A lot has happened since our last blog post in July this year. As you may recall, UNDP is providing technical support to 15 countries in Africa as well as the African Union Commission and the East African Community so that countries can strengthen their legal environments and help increase access to HIV, health and social services for all, especially women, girls and other vulnerable and key populations. The Governments of Norway and Sweden support us in this work.
In this blog I share some of the exciting developments in Seychelles and Malawi in the area of HIV, law and human rights.
Seychelles has a concentrated epidemic, with high HIV prevalence among key populations (people who inject drugs, sex workers and men who have sex with men/MSM). People living with and at risk of HIV often experience high levels of stigma, and current laws make harm reduction programmes for people who use drugs difficult. Regardless of these existing challenges, the Government of the Republic of Seychelles – which has shown continued commitment to improving the national response to HIV through leadership and through the allocation of resources to support interventions at various levels – undertook and completed a Legal Environment Assessment (LEA) in the context of HIV with support from a number of UN agencies. This was possible due to committed national leadership, financial support from the national government, capacitated consultants, and partner support. The LEA not only created awareness of key HIV law and human rights issues, but also strengthened access to justice and law enforcement as well. The commitment of the Government of the Republic of Seychelles to this process was underscored by the presence of the His Excellency James Michel the President of the Republic of Seychelles at the National Validation Meeting of the LEA. In the coming weeks, the Public Health Department and the National AIDS Council of the Government of the Republic of Seychelles are convening a planning workshop to develop a nationally-agreed action plan to take the recommendations from the LEA forward.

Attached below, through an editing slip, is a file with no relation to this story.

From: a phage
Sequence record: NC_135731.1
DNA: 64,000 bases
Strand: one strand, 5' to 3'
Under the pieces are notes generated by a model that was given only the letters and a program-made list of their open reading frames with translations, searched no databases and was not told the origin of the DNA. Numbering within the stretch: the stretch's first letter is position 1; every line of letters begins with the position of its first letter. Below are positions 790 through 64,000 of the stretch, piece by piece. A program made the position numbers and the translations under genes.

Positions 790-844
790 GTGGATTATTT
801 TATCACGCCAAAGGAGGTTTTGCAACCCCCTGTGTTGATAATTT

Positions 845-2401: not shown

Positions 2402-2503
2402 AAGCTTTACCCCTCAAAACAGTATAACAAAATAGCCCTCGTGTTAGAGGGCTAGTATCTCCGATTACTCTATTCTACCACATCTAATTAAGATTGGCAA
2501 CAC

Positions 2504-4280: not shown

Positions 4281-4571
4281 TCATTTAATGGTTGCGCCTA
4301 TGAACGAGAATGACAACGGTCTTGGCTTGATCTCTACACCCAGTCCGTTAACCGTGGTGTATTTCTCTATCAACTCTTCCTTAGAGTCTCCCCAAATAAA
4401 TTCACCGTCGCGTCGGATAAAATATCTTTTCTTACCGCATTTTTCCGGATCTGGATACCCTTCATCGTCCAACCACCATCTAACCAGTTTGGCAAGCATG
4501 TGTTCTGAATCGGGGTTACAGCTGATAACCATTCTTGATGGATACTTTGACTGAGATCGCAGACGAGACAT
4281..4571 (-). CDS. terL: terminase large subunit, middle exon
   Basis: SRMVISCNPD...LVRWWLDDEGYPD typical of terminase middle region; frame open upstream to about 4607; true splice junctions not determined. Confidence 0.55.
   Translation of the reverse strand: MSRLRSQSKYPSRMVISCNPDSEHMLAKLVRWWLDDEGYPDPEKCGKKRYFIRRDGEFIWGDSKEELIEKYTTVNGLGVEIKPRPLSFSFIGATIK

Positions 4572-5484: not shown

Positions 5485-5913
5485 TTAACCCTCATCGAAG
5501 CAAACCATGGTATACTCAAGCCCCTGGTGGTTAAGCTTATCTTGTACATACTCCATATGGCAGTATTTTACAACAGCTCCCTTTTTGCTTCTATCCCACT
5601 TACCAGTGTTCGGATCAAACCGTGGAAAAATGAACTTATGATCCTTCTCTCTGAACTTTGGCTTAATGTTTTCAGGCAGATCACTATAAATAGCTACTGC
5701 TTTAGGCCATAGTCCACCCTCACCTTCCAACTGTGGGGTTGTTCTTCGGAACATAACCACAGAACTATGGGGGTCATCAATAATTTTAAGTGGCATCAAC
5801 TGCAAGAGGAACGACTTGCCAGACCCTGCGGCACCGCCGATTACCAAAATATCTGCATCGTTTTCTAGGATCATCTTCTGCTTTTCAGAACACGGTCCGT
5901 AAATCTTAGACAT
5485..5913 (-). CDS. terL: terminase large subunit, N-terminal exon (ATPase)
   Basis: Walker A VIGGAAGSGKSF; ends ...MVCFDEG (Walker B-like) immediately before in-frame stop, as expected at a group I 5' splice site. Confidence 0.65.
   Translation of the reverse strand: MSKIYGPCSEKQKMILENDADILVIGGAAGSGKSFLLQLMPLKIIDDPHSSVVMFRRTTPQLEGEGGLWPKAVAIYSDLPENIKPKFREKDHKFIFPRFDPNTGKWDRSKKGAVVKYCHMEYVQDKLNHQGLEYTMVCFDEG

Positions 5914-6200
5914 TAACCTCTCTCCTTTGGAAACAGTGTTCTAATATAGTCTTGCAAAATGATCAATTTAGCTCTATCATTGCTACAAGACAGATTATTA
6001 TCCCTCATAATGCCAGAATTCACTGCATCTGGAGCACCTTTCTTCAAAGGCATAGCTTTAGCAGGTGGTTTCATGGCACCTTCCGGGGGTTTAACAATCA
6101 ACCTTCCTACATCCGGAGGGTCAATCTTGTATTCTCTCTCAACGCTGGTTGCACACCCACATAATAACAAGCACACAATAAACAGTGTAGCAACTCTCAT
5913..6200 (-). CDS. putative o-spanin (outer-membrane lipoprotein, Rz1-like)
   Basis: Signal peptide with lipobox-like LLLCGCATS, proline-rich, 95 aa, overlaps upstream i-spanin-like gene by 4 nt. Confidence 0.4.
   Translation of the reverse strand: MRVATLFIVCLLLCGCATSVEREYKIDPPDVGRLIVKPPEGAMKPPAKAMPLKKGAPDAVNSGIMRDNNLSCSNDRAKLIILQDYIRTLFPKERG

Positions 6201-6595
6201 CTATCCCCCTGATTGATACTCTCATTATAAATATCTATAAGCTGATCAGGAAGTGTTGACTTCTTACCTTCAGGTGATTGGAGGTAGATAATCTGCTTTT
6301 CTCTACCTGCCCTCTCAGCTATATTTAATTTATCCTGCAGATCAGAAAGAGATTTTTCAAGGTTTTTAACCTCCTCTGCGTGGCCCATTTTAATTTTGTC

In Malawi, there was discussion and debate around the Draft HIV Bill (2008) that had a number of provisions thought to be contentious, including one that criminalized HIV transmission. The Department of Nutrition & HIV/AIDS (Office of the President) (DNHA) with technical support of UNDP and inputs from key stakeholders completed an LEA in early 2012. As a result of the LEA and its recommendations, and the leadership of the DNHA, the draft HIV Bill in its current form does not have any contentious provisions. In addition, a series of sub-national meetings convened by the DNHA on the recommendations of the LEA have resulted in specific and practical changes with regard to HIV, human rights and key populations. For example, a moratorium on arresting or harassing MSMs by law enforcement officials is currently in place. Another interesting outcome of this national discussion is the Memorandum of Understanding between the National AIDS Council of Malawi and Centre for Development of People (http://www.cedepmalawi.org/) a human rights organization to jointly conduct the national size estimation for MSM. As I write, the High Court of Malawi has decided to review the constitutionality of the Malawian Sodomy Law (http://www.nyasatimes.com/2013/11/05/malawi-high-court-to-review-sodomy-laws/).
To conclude, let us inform you all that the Africa Follow-up to the Global Commission on HIV and the Law is well underway, and it's been an exciting year of work and progress so far. Stay tuned to hear what's next!
Senior Advisor HIV and Human Rights
HIV, Health and Development Practice
United Nations Development Programme
Regional Service Centre for Africa
Addis Ababa, Ethiopia